Monday, a federal judge in the Eastern District of Virginia denied whistleblower and one time U.S. Army intelligence analyst, Chelsea Manning’s motion to reconsider sanctions imposed against her after she refused to testify against the founder of Wikileaks, Julian Assange before a grand jury. Manning now faces fines to the tune of $441,000 and a jail term of no more than 12-18 months for civil contempt.
“Manning has the ability to comply with the court’s financial sanctions or will have the ability after her release from confinement,” Judge Anthony Trenga ruled on Monday. “Therefore, the imposed fines of $500 per day after 30 days and $1,000 per day after 60 days is not so excessive as to relieve her of those sanctions or to constitute punishment rather than a coercive measure.”
“I am disappointed but not at all surprised. The government and the judge must know by now that this doesn’t change my position one bit,” Manning said in response to the judge’s decision.
U.S. District Judge Claude Hilton ordered Manning into custody back in March of this year due to her refusal to answer questions during a closed-doors hearing. Manning cited the First, Fourth and Sixth Amendment in her refusal to answer the government’s questions relating to information already disclosed in 2013 when she was convicted of 20 charges, including alleged espionage, computer fraud and theft.
Attorneys for Manning argued she has no intention of testifying, despite the amount of jail time imposed, but Judge Trenga shut down her attorney’s opportunity to continue arguing their case in court. Manning’s attorneys argued she is not able to work while incarcerated, and there’s no way she’ll be able to pay the fines the court plans to impose.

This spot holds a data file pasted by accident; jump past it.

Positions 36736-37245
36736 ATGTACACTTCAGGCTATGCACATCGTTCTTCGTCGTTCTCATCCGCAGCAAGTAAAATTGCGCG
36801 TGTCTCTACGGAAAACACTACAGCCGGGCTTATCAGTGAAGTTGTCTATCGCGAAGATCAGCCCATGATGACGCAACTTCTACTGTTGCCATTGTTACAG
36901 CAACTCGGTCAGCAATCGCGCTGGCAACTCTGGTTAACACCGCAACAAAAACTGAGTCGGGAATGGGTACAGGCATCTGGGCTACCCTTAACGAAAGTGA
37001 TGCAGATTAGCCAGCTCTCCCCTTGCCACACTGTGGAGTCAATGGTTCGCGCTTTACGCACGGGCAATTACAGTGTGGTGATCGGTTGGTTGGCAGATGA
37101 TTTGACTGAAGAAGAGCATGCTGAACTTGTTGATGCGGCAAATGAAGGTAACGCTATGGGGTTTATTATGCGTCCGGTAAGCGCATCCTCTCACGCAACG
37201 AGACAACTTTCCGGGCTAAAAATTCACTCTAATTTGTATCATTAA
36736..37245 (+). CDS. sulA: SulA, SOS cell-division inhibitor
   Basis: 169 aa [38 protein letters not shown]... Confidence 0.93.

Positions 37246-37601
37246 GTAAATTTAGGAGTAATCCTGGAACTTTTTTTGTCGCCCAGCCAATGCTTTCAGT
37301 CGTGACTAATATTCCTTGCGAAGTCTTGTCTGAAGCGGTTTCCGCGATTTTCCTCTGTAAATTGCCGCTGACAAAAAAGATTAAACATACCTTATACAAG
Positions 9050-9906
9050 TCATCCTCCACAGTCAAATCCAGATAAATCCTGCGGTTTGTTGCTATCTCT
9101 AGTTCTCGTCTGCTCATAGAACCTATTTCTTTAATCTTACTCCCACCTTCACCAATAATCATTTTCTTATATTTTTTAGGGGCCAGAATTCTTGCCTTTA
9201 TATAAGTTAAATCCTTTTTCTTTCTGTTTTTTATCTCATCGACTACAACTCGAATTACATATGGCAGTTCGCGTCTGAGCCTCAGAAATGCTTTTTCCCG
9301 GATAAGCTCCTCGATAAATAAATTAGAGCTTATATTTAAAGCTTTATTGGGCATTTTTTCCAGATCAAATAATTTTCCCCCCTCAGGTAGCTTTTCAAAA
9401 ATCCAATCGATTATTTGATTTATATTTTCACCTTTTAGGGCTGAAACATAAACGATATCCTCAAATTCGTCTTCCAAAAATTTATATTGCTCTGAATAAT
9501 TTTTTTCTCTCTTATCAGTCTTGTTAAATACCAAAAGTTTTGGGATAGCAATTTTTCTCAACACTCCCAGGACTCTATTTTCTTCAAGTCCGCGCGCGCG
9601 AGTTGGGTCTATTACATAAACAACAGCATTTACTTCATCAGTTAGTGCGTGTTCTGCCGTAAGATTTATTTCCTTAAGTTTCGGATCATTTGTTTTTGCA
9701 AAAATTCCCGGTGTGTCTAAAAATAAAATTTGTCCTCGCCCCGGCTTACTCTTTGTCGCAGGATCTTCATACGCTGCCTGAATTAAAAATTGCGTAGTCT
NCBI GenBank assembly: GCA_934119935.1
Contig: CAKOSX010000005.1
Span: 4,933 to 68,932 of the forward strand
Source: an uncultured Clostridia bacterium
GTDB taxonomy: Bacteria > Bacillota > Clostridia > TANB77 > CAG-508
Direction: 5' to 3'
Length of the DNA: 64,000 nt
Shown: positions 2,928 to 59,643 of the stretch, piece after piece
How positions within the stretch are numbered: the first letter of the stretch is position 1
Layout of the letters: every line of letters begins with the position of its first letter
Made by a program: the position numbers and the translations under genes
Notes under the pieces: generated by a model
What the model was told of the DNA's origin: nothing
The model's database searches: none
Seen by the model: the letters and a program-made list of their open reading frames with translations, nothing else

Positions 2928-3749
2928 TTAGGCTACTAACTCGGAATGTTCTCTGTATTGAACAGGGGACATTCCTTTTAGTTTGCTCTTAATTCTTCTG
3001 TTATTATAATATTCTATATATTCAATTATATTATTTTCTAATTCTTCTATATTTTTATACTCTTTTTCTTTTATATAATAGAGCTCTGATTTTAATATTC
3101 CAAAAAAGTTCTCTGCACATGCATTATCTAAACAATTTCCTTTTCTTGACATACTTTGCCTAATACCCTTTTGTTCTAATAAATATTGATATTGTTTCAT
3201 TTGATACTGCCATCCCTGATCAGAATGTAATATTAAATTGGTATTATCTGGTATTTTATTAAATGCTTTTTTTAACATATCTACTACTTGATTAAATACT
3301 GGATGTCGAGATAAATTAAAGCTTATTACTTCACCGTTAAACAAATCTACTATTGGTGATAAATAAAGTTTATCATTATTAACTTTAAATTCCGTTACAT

“Chelsea will remain confined for another year, and will face ongoing financial hardship, unless Judge Trenga or a higher court are convince of what Ms. Manning has always publicly maintained: that the sanctions imposed will never coerce her compliance and therefore are entire punitive,” her legal team said. “She has no personal savings, an uncertain speaking career that has been abruptly halted by her incarceration, and is moving her few belongings into storage, as she can no longer afford to pay her rent,” Manning’s attorneys added.
U.S. District Judge Anthony Trenga disagreed with Manning’s legal team, writing, “In support of the Motion, Ms. Manning has proffered a substantial number of financial records detailing her assets, liabilities, and current future earnings. The Court has reviewed these records and concludes, based on the evidence proffered, that Ms. Manning has the ability to comply with the Court’s financial sanctions or will have the ability after her release from confinement.”
“Despite the fact that Chelsea is currently deeply in debt, and cannot work while incarcerated, Judge Trenga was able to conclude that fines totalling $441,000 fall within the parameters of a ‘coercive’ sanction, and do not intrude into the forbidden realm of the punitive,” attorneys for Manning stated.
Manning was held in civil contempt of court on May 16th, 2019, and the federal court imposed a fine of $500 a day after 30 days as well as a fine of $1000 a day after 60 days if she “persists in her refusal.”
Along with her attorneys, Manning presented her position in response to Judge Trenga’s decision in the form of a letter dated May 28, 2019.
“The tradition of using political grand juries to jail political dissidents and activists is long,” Manning wrote in the letter. “The concept of a grand jury in which prosecutors subpoena activists and jail them for refusing to comply with the subpoena stands in stark contrast to the institution contemplated in the Constitution.”
Judge Trenga’s order Monday ensures Manning will get time served for the two months she’s already been in jail on the previous contempt order issued by a separate judge, but the $1000 a day fine will continue to accrue throughout the length of her sentence.
As of August 7th, 2019, Manning has been in jail for 147 days and currently owes $38,000 in fines.